The Contrast Sensitivity Function

Just as the visual acuity number doesn't fully describe a person's visual capability, a single contrast measurement doesn't fully describe a display's capabilities. A complete representation of vision includes contrast sensitivity at multiple spatial frequencies. A spatial frequency can be thought of as the width of a series of repeating black and white bars. Wide bars are low frequencies because there are fewer bars in a given amount of space, and thin bars are high frequencies because there are more of them in the same amount of space. An image is actually composed of a combination of hundreds of frequencies multiplied together.

The Contrast Sensitivity Function (CSF) describes how much contrast (the darkness of the black and lightness of the white) is required for a person to see objects, text, and images. Someone with higher contrast sensitivity at a particular frequency can perceive the bars at that frequency at lower contrast levels. In other words, the bars could be different shades of gray, and the person could still see them. CSF is usually measured at six different spatial frequencies (or six different bar widths), ranging from high to low. This provides us with much more information about the individual's actual visual capabilities rather than one number alone. Humans typically are able to see mid-range frequencies more easily than higher or lower frequencies. However, not all people see different frequencies the same, so each individual needs to be mapped to his or her own contrast sensitivity function.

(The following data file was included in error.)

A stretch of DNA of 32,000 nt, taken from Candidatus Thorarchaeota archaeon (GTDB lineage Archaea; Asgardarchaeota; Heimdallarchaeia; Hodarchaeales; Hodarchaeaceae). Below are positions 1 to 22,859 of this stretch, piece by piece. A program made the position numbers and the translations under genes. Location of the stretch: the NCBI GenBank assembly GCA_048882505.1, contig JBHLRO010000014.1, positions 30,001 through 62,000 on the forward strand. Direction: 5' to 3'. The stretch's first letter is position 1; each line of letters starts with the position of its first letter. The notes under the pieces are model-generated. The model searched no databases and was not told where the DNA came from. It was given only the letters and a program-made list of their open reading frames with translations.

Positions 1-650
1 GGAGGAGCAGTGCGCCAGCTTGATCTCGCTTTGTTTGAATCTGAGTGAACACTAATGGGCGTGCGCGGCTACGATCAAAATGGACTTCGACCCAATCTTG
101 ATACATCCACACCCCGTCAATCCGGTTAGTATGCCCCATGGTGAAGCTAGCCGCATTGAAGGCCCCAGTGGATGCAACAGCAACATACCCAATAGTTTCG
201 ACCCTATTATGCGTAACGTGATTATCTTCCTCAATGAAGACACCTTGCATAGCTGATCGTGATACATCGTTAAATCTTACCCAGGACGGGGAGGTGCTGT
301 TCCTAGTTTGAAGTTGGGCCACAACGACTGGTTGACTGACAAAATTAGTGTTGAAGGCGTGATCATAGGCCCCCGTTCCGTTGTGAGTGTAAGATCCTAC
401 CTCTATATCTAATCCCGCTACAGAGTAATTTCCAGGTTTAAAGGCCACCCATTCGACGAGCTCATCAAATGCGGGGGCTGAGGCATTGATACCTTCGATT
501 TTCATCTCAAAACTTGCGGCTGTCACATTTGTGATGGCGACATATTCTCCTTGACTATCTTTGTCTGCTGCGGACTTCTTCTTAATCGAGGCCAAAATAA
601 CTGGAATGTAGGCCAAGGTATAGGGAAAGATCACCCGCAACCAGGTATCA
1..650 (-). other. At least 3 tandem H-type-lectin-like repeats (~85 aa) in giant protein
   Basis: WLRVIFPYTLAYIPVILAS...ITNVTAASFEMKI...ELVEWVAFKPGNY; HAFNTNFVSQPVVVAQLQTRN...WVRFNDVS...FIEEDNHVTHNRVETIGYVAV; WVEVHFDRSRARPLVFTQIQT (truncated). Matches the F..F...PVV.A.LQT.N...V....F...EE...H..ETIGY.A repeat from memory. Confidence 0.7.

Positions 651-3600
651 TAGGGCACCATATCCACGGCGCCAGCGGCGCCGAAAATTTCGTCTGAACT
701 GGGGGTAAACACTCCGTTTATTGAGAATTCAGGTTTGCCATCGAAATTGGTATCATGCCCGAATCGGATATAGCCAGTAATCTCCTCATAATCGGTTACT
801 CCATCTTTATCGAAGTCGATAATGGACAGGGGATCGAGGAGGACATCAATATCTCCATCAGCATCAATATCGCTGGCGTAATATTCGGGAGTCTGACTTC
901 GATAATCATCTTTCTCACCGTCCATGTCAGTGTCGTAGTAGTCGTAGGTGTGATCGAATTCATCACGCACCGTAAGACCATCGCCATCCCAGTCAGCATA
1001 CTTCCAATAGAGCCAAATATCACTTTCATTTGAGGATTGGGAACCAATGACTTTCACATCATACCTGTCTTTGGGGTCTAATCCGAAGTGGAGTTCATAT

CSF Simulator

Because the concepts we've been discussing can be difficult to understand, AFB Tech built a CSF simulator that takes an image or video feed and applies a filter that shows what the image would look like to a person with a reduced CSF. The CSF simulator is an educational tool that serves different purposes for different audiences. The simulator can be a compelling tool to demonstrate the effect of a reduced CSF on an individual's ability to see and use everyday items, which is helpful to family members or caretakers. It's also highly effective to place a company's product under the CSF simulator to demonstrate display performance as part of a presentation to that company.